Notes: Trubisky wasn't a consistent fantasy performer a season ago, but he did show some flashes of potential. He's on the QB2 radar. An injured knee ended Garoppolo's first season in San Francisco, but he's back at 100 percent and has some added weapons around him in 2019. Darnold looked like a fantasy star in two late-season games as a rookie, so he's sure to take the next step as an NFL sophomore. Carr had been somewhat forgotten in fantasy circles in recent seasons, but he's a nice late flier with Antonio Brown, Josh Jacobs, and Tyrell Williams now in the Raiders offense. Foles isn't being drafted in a lot of traditional leagues, but the Jaguars have some nice young weapons on offense and a ton of talent on defense as well. Foles could be a surprise, especially in super flex/two-QB leagues.

Running Back Breakouts

Dalvin Cook, Minnesota Vikings
Damien Williams, Kansas City Chiefs
Aaron Jones, Green Bay Packers
Kerryon Johnson, Detroit Lions
Josh Jacobs, Oakland Raiders

Notes: Cook has shown flashes of busting out in his first two NFL seasons, but injuries have dogged him. If he can stay out of the trainer's room in 2019, however, Cook could push for RB1 totals in a Vikings offense that should feed him the football. Williams was a fantasy monster down the stretch last season, and it looks like he'll be a true featured back in coach Andy Reid's fantasy-friendly offense. Johnson averaged almost 17 touches and 5.3 yards per carry in his final six games of 2018, and the release of Theo Riddick makes him even more attractive in fantasy land. Jones showed flashes of busting out a season ago, averaging a robust 5.5 yards per carry in his 12 games. He also has the benefit of playing behind Aaron Rodgers. Jacobs figures to see a featured role for the Raiders as a rookie, making him an attractive No. 2 target. He'll be a top-50 selection in most re-draft leagues.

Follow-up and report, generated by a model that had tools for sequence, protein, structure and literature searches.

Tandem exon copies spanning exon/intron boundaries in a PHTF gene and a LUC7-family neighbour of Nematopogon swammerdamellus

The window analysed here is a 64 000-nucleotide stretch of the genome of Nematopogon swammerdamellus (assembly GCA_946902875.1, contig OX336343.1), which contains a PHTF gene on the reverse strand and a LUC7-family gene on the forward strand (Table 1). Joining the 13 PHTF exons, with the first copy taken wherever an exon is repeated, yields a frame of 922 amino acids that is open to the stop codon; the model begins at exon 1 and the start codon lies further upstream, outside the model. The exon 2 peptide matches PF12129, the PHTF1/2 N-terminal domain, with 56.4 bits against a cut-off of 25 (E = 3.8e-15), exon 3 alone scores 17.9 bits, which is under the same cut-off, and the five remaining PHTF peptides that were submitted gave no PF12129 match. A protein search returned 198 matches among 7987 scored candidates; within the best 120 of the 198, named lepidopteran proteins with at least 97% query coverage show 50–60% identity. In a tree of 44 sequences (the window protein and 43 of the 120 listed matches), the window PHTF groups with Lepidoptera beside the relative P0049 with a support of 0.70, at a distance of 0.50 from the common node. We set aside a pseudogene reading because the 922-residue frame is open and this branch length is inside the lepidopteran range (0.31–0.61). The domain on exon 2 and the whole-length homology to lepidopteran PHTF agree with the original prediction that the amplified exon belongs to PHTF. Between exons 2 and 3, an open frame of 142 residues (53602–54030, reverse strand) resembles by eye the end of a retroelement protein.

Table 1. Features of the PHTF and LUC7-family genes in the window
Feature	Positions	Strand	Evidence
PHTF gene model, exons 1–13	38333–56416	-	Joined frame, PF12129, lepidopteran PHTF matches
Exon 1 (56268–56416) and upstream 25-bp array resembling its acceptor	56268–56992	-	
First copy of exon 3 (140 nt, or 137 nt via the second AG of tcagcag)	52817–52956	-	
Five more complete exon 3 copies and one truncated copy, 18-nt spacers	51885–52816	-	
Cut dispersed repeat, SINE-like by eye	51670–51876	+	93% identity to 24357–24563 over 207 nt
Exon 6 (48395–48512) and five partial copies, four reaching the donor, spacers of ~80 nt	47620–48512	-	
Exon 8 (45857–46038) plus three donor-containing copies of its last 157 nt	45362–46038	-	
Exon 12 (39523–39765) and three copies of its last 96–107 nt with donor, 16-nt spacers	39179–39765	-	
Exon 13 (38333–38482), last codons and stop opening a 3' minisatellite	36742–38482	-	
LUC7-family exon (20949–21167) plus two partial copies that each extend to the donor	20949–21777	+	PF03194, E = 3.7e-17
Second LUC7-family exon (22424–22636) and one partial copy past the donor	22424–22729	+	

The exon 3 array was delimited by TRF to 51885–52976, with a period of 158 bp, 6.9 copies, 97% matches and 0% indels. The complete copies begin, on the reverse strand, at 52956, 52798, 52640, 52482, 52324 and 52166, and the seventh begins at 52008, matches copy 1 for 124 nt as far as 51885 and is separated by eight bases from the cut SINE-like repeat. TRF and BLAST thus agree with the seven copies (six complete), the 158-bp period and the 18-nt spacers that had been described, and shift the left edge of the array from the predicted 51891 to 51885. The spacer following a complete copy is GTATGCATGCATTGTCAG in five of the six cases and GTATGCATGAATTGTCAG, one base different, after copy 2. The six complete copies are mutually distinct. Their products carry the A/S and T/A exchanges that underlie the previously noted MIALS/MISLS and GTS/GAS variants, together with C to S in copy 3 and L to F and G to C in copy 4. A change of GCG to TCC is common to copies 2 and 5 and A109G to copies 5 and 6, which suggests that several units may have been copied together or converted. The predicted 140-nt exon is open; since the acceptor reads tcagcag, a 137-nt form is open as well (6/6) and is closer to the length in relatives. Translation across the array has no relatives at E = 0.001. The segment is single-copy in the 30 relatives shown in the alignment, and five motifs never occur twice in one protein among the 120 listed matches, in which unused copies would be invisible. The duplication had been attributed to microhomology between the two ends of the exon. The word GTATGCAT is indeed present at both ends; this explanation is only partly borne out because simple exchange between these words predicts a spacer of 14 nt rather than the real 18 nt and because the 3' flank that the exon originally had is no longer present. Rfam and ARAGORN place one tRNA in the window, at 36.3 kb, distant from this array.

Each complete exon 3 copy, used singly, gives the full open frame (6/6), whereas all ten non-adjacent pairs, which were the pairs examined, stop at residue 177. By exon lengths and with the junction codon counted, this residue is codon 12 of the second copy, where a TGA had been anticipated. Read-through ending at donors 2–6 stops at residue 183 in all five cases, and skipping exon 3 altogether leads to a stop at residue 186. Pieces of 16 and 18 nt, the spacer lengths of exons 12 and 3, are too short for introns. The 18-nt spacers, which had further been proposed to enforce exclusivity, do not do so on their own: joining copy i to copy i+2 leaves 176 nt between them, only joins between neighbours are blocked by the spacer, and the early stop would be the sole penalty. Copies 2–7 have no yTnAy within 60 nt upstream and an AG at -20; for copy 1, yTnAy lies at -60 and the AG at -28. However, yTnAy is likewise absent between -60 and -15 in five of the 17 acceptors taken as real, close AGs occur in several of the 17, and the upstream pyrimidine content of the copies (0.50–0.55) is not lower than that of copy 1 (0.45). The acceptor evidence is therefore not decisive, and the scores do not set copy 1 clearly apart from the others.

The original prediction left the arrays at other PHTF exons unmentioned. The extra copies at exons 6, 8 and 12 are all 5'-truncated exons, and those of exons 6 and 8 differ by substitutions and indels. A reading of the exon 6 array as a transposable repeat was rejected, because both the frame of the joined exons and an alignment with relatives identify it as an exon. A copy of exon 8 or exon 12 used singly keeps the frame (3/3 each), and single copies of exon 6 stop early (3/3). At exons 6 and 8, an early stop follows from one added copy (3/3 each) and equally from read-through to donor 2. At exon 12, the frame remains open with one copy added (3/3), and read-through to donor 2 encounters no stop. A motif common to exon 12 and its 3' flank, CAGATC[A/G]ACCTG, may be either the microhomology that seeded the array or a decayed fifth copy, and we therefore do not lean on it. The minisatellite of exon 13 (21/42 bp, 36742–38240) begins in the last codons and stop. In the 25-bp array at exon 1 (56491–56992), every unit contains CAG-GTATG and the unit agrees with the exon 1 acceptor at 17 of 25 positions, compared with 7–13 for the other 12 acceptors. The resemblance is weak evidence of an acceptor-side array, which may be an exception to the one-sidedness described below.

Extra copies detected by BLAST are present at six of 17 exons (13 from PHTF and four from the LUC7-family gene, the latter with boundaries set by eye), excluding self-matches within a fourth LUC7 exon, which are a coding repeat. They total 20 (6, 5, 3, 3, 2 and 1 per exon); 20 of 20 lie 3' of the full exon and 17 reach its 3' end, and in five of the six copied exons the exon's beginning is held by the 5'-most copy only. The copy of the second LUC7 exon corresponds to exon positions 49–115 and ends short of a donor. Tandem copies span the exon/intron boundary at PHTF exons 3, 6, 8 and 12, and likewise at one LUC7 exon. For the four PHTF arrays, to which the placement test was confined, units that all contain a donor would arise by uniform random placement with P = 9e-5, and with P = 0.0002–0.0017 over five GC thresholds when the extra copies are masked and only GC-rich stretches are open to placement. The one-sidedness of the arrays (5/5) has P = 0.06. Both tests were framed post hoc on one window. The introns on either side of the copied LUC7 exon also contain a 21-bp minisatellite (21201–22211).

Running Back Sleepers

David Montgomery, Chicago Bears
Miles Sanders, Philadelphia Eagles
Derrius Guice, Washington Redskins
Darrell Henderson, Los Angeles Rams
Kalen Ballage, Miami Dolphins

Notes: Montgomery's fantasy hype has grown through the offseason and into camp. The Bears backfield is a crowded one with Tarik Cohen and Mike Davis also in the mix, but the rookie has three-down potential at the next level. Guice is also in a committee, but he has the most statistical potential of any member of the Redskins offense. He's also back at 100 percent from last year's ACL tear. Henderson averaged a ridiculous 8.9 yards per carry in his final collegiate season, and he'll be a valuable handcuff for Todd Gurley owners. He could also have standalone value as a pass-catcher out of the backfield even if Gurley avoid further knee troubles. Sanders needs to pass Jordan Howard on the depth chart in Philadelphia to make an immediate impact. The Penn State product does possess the most upside in the Eagles crowded backfield. Ballage is moving up rank lists, as he looks destined for a shared role in Miami with Kenyan Drake. He's a nice option in re-drafts and best-ball formats.